He looked at the violence they portrayed in music videos and TV shows along with the sexual nature that these people on the TV acted with and thought that was how all black people acted; he thought that was who he should be. He tried in a lot of ways to be like that, but he questioned some of it. He talked about how one morning Ice-T’s “New Jack Hustler” came on and even though he didn’t know what the meaning of the song was or if he even liked the song, he knew that the other boys didn’t question it, and he shouldn’t question it either.

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Loose Change I’m a relatively shy person, but if you saw me in my high school or at my summer job, you wouldn’t have the slightest idea that I’m shy. Yes, I am very comfortable in those settings, but there was a time in both of them where I was not. I was a camper at Lotus Lake Camp in Williamstown, VT for ten years, and the summer you are 15, you are a Counselor In Training (CIT) before becoming a Counselor the following summer. As a CIT, you are half counselor and half camper at the same time. Essentially, you learn how to be a counselor by being a camper with more responsibility. When I started my CIT summer, I hated it for the first of eight weeks. I didn’t think I could handle dealing with the young kids all the time, and I would get really frustrated when they didn’t listen. I didn’t really know how to act around the kids, and didn’t know the best ways to get them to listen. I wouldn’t have ever thought about leading a song in front of the whole camp or making a fool of myself to entertain them. I didn’t know what to do. Everyone has always said that Lotus Lake is a place where you can be yourself without worrying about who that person is. It’s a judgment-free place, and all of the campers are happy to be able to be themselves and to make life-long friends. As the summer went on, I became much more comfortable in front of crowds at camp. I would lead songs, take control of group situations, and figured out how I could be myself, be fun, and still be responsible while being in charge of the campers. It was a turning point in finding out who I am, and I think I have the best summer job out of anyone because I get paid to have fun.

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Loose Change Entering high school was the same way. I came in as a freshman from a small, private, middle school, and I didn’t know that many people. I knew my friends and teammates from sports, but outside of a select few others, I didn’t really know anyone. There was a senior athlete and captain of all three sports teams he played on, Taylor English, who was easy to look up to because of the way he carried himself. He sort of knew who I was and he knew my older sister, but it always made me feel special when he would say hi to me or make a small conversation with me in the hallway. It made me feel like the “big star” of the school knew who I was, and he respected everyone the same. He didn’t think he was better than everyone else like he easily could have, and it was a really cool thing to see. As the years progressed in high school, I became more comfortable with the teachers, administration, and other students. I played my three sports (soccer, hockey, and baseball) and became more popular as I developed as an athlete and a leader. I always kept in mind what it was like to have Taylor and the rest of the older sports stars talk and interact with me, and I tried my best to do the same for the students in the younger grades. I knew how much it meant to me, and I also knew how much it meant to them. Like my experiences with finding who I am and what I have the potential to do and be, Williams had many of his own experiences with finding out who he is and how he should carry himself. He wanted to fit in with the rest of his black friends, and to do so he had to be “credibly black enough.” Williams talks about his brother not being defended by his friends because he wasn’t “credibly black enough,” and didn’t want to have that same issue. However, he also didn’t want to go through the things he had to in order to build up other peoples’ views of him.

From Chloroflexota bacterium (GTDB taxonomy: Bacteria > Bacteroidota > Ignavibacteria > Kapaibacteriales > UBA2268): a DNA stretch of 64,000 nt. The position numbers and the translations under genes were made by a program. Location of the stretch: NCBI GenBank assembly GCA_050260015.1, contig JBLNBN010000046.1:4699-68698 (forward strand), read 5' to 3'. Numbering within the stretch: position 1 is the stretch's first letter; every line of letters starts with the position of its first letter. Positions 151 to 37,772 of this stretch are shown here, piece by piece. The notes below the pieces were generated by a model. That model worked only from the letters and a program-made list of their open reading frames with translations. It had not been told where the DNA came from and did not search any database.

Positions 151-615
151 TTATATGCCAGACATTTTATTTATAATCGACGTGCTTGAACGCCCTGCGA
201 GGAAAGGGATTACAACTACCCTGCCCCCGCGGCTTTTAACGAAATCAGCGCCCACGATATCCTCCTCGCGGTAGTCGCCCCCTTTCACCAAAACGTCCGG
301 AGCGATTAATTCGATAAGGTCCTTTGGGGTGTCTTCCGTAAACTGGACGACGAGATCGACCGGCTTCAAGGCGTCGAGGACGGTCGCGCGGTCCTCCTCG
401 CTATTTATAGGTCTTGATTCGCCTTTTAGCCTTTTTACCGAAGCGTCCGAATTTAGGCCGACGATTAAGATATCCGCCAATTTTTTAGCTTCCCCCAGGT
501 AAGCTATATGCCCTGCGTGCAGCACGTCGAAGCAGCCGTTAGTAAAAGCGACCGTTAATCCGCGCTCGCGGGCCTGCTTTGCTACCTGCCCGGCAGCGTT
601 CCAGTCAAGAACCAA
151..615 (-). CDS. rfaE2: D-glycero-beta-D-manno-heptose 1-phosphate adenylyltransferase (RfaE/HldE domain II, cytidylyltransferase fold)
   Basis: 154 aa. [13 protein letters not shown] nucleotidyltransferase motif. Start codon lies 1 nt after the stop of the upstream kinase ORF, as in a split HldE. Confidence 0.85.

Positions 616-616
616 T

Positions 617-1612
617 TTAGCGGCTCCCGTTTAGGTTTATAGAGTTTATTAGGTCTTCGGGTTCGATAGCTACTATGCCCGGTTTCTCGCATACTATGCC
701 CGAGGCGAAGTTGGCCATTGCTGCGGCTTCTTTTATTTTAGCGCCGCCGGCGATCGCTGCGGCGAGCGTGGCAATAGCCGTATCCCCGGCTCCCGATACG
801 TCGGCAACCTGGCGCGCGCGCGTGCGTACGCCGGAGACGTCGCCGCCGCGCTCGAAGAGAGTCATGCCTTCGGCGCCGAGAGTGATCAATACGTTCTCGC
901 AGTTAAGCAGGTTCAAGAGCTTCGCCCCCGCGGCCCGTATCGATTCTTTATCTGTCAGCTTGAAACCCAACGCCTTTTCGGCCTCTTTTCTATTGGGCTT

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Loose Change When talking about how his brother wasn’t defended, Williams says, “I resolved to avoid that mistake. This meant that there were times when I would have to perform.” (pg. 27). Williams felt like he had to stand up for himself and build up how “black” he was even though he didn’t want to do so. He found himself saying things to people he would never say otherwise, just because he felt he had to build a front to fit other peoples’ stereotypes of him. Instead of proving to people that black stereotypes didn’t apply to him, he decided to roll with them and make himself fit those stereotypes. In this way, Williams tried to make himself fit in instead of standing out. It took a long time for him to realize that he wasn’t a stereotypical black person, and he had the potential to stand out and succeed. Much like it took Williams a while to realize who he really was and be successful at being that person, it took me a while too. From looking at other people around me and seeing how they carried themselves and acted in certain situations, I picked up things that are part of my everyday character and personality. With time, you can realize that some of the things you pick up aren’t the best qualities or characteristics to have, and you try to drop those to make yourself a better person. Like Williams, I, too, figured out who I was and what I wanted to be.

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Loose Change